If your home was severely flooded during Sandy and you were offered a buyout, should you take it?
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* Yes
* No

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Yes. But have you considered…

You’re 73 years old. Sandy was an awful experience, but it was probably the storm of the century, and given your age, it seems unlikely that you’ll ever live through something like that again.

Sure, your neighborhood has experienced some flooding in previous storms, but it wasn’t anywhere near this bad. You can deal with pumping a little water out of your basement. People are overreacting.

Making major changes is hard at your age. Rather than sacrifice everything you’ve come to know and love about living where you do for something that you don’t think you’ll ever experience again, you should take the risk and stay put.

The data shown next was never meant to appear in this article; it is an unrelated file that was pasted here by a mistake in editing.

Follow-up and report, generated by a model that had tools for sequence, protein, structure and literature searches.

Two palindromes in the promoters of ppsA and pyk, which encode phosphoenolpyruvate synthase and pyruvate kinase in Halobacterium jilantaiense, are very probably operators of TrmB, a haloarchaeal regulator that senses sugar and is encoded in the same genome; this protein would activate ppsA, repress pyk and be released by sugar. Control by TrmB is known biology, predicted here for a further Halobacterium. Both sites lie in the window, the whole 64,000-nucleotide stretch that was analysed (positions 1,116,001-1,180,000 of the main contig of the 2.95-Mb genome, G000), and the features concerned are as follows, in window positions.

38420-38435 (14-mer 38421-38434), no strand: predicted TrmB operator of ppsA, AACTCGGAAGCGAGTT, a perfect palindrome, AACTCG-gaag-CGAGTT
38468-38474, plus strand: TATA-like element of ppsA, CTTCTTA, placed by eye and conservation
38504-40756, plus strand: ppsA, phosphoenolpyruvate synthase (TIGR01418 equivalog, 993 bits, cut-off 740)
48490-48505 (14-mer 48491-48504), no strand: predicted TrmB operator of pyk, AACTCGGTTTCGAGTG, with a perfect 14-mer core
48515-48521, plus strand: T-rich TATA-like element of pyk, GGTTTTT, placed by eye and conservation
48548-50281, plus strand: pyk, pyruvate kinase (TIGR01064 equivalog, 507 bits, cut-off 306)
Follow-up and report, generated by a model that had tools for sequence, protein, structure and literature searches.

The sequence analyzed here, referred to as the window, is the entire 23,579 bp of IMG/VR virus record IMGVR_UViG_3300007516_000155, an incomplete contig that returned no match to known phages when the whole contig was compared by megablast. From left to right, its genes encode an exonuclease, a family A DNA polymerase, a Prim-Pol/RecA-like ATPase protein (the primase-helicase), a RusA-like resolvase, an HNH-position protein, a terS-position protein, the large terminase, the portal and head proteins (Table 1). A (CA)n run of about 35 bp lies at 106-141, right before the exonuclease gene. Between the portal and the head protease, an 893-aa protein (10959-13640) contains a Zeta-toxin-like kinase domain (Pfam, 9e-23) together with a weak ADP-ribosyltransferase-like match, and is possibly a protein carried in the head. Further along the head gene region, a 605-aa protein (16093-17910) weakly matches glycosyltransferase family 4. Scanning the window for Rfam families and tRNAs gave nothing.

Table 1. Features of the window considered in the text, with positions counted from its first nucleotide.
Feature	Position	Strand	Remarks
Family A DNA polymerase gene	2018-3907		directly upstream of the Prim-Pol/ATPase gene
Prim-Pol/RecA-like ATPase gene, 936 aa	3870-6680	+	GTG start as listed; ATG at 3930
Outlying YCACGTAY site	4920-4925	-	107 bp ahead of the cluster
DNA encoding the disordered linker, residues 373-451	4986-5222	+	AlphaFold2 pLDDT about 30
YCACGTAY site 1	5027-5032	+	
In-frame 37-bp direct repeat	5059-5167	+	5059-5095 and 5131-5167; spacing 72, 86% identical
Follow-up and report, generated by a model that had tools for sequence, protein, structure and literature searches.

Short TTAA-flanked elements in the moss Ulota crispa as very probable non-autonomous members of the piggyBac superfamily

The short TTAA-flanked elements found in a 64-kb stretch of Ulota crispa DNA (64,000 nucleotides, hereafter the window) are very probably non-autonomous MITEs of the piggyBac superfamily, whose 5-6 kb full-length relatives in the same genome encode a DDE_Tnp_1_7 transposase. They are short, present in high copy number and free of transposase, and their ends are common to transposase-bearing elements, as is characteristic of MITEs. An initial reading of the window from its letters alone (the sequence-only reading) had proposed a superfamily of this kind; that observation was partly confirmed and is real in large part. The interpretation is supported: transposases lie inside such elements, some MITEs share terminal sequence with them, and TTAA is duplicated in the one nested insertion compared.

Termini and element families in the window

No. But have you considered…

Scientists say storms like Sandy could become more frequent and more severe. In addition, environmentalists say continued over-development throughout the area will erode more wetlands, taking away from the natural storm buffer system and making flooding an even more regular occurrence.

Continuing to live where you live may become more expensive, since you may have to make frequent repairs due to storms. More importantly, Sandy has taught you that living in this neighborhood is not safe for you and your family.

You’re getting up there in years and nearing retirement, and you can’t do everything you used to do. You should spend your golden years living somewhere where you don’t have to worry about things like this. It was a lot easier when you were younger, but who knows if you’ll physically be able to handle another storm like this?